ATLANTA — One of the best things about sports is how two people, even two friends, can view the exact same event so differently.
Take Bill Curry Jr. and Tennessee football coach Derek Dooley, for instance.
Long before the two were teammates at the University of Virginia in 1989 and 1990, they were on completely opposite sides of one of the South's fiercest rivalries.
Billy's father, Bill, was the head coach at Georgia Tech, which was also his alma mater. Derek's dad, Vince, held the same post at Georgia. In 1984 and 1985 — while both were still a few years from UVa, especially Bill Jr., who is four years younger than 44-year-old Derek — Tech won.
So when someone asked young Dooley earlier this week what he thought of William Alexander Curry Sr., who will bring his Georgia State team to Knoxville on Saturday to face the Vols, Dooley replied:
"I was not a fan of him then. I remember a couple of years where Tech beat Georgia, and [Tech QB John] Dewberry was ripping off the hedges. Not fond memories of my childhood."
Not surprisingly, young Curry remembers those games slightly more fondly.
"Tech was really good," he said of the Yellow Jackets' 35-18 win in '84 and 20-16 victory a year later. "I remember Dewberry — who's the Donald Trump of Atlanta these days — ripping off a piece of hedge in Athens in '84 and putting it in his mouth. Probably one of my favorite memories of my dad's time at Tech."
Not surprisingly, the elder Curry had only nice things to say about the younger Dooley when asked about him Wednesday morning following his team's practice.
"Derek was a little older and he was really nice to Billy," said the 69-year-old Curry, who's retiring at the end of the season. "They both started out as walk-ons and Derek really helped Billy when he first got there."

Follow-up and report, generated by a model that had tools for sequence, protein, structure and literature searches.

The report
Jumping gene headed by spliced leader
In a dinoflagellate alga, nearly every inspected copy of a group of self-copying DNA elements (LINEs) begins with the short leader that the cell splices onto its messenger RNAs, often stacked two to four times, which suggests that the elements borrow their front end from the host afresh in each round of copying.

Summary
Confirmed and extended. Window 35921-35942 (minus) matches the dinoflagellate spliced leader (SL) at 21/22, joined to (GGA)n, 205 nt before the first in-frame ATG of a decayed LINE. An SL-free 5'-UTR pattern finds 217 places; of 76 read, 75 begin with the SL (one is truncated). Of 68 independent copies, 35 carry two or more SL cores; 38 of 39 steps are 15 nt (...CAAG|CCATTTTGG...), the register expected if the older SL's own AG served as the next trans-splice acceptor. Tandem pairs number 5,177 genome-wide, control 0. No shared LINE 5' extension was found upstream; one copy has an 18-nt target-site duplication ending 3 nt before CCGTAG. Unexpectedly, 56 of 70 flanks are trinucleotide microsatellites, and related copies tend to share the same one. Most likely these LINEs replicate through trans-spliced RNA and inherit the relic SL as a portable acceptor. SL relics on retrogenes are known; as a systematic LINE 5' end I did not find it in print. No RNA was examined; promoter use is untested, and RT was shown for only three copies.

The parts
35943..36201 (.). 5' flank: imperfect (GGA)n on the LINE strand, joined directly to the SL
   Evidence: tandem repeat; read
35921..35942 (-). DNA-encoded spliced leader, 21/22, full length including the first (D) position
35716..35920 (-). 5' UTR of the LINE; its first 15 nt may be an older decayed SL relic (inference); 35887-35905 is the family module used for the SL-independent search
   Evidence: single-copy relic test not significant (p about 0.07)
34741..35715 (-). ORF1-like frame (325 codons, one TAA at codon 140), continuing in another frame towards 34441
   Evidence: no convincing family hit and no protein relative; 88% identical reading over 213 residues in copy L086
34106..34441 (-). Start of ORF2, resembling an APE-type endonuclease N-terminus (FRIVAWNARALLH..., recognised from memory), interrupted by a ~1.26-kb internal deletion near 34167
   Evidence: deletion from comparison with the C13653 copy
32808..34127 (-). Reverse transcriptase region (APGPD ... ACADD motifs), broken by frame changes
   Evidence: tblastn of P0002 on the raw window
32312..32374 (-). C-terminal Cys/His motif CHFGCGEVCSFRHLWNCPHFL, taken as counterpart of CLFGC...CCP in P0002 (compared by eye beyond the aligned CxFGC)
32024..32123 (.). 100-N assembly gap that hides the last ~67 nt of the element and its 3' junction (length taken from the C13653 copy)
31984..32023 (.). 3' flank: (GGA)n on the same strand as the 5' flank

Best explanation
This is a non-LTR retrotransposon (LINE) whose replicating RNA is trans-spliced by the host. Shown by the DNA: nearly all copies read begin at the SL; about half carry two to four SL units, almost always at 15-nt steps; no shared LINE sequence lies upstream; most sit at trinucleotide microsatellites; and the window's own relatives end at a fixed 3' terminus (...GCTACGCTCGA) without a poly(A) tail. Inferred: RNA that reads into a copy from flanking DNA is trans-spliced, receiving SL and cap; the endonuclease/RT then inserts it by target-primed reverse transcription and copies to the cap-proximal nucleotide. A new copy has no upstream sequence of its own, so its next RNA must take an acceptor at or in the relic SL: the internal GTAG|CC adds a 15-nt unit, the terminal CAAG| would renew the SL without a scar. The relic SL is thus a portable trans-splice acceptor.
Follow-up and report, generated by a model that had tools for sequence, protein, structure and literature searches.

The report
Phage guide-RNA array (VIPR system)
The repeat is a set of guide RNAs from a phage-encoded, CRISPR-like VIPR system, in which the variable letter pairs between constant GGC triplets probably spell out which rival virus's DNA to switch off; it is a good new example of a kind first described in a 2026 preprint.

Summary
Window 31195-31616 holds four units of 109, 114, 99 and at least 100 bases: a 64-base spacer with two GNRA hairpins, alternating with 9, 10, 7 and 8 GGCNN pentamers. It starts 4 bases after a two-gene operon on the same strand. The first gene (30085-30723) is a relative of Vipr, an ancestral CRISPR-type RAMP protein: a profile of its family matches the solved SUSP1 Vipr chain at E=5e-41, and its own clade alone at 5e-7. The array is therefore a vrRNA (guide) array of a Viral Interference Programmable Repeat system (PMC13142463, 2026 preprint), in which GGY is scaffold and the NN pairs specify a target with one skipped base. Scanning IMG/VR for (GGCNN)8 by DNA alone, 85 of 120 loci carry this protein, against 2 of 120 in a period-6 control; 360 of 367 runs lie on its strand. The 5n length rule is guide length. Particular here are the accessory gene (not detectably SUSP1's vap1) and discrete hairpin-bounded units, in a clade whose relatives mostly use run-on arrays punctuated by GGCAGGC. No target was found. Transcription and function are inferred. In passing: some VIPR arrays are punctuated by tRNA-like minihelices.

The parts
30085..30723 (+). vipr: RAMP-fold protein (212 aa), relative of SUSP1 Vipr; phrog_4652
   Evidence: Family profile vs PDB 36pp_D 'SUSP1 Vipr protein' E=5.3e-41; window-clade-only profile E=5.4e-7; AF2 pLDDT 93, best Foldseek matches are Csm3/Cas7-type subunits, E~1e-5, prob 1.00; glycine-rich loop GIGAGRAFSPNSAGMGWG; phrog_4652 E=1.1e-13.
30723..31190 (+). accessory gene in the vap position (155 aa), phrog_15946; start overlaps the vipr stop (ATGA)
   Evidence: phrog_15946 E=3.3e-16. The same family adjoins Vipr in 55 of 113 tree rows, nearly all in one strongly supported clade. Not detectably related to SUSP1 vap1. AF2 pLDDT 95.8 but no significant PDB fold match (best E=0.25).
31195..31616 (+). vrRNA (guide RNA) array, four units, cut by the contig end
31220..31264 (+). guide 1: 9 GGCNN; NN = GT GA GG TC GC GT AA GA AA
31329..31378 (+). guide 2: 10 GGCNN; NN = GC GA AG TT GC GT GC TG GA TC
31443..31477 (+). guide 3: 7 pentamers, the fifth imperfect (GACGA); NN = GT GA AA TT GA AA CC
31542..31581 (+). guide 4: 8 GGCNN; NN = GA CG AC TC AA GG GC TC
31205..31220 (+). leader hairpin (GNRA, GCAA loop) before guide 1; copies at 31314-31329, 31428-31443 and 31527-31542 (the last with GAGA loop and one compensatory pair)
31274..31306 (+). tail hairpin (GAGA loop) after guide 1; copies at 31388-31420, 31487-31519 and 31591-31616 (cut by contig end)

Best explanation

Not that those Tech wins were the only uncomfortable moments the Currys put him through, according to Dooley.
Recalling how those Virginia teams were loaded with sons of famous fathers, Dooley complained, somewhat in jest, that, "We had Jesse Jackson's son, Bob Griese's boy ... I never liked being in that clump because I was starting. I'm like, 'When does it end?' I'll be 75 years old trying to prove my own mettle."
But as Curry Jr. noted Wednesday from Charlotte, N.C., where he's a sales manager medical equipment giant Boston Scientific, "We were teammates on a very special Virginia team. We were No. 1 for awhile in 1990. We were kind of in the foxhole together. Derek was such a competitor, still is. I admire him a lot."
That admiration grew considerably on Oct. 26, 1996, a few days after Curry Sr. had been fired at Kentucky, though he would close out that season.
As luck would have it, the Bulldogs were visiting Lexington and Dooley was a graduate assistant coach.
"It was about two hours before kickoff," recalled young Curry. "I was in a little room at Commonwealth Stadium watching Virginia play Florida State on TV. There was a knock at the door and it was Derek, all dressed up in his Georgia coaching stuff. He just wanted to know how we were doing. So there we were, a couple of knucklehead GAs watching our alma mater."
Young Curry had had enough. He still coaches high school and junior high football where his sons attend school in Charlotte as a part-time assistant. But that's as close as he wants to come to the recruiting, Sunday afternoon film sessions and 80-hour workweeks turned in by his father and friend.
"Personally, I think they're out of their minds," he laughed. "But it's in my dad's DNA. It's like [legendary Tech coach] Bobby Dodd once told my father, 'Only coach if you have to.'"
So why won't young Curry be inside Neyland Stadium this weekend to watch his father and his friend?
"The Marvin Ridge Middle School Mavericks have a game that afternoon against Holy Trinity, and I have to help coach them," he said.
Sometimes "have to" has nothing to do with money and everything to do with the love of family and the game.
Mark Wiedmer started work at the Chattanooga News-Free Press on Valentine’s Day of 1983. At the time, he had to get an advance from his boss to buy a Valentine gift for his wife. Mark was hired as a graphic artist but quickly moved to sports, where he oversaw prep football for a time, won the “Pick’ em” box in 1985 and took over the UTC basketball beat the following year. By 1990, he was ...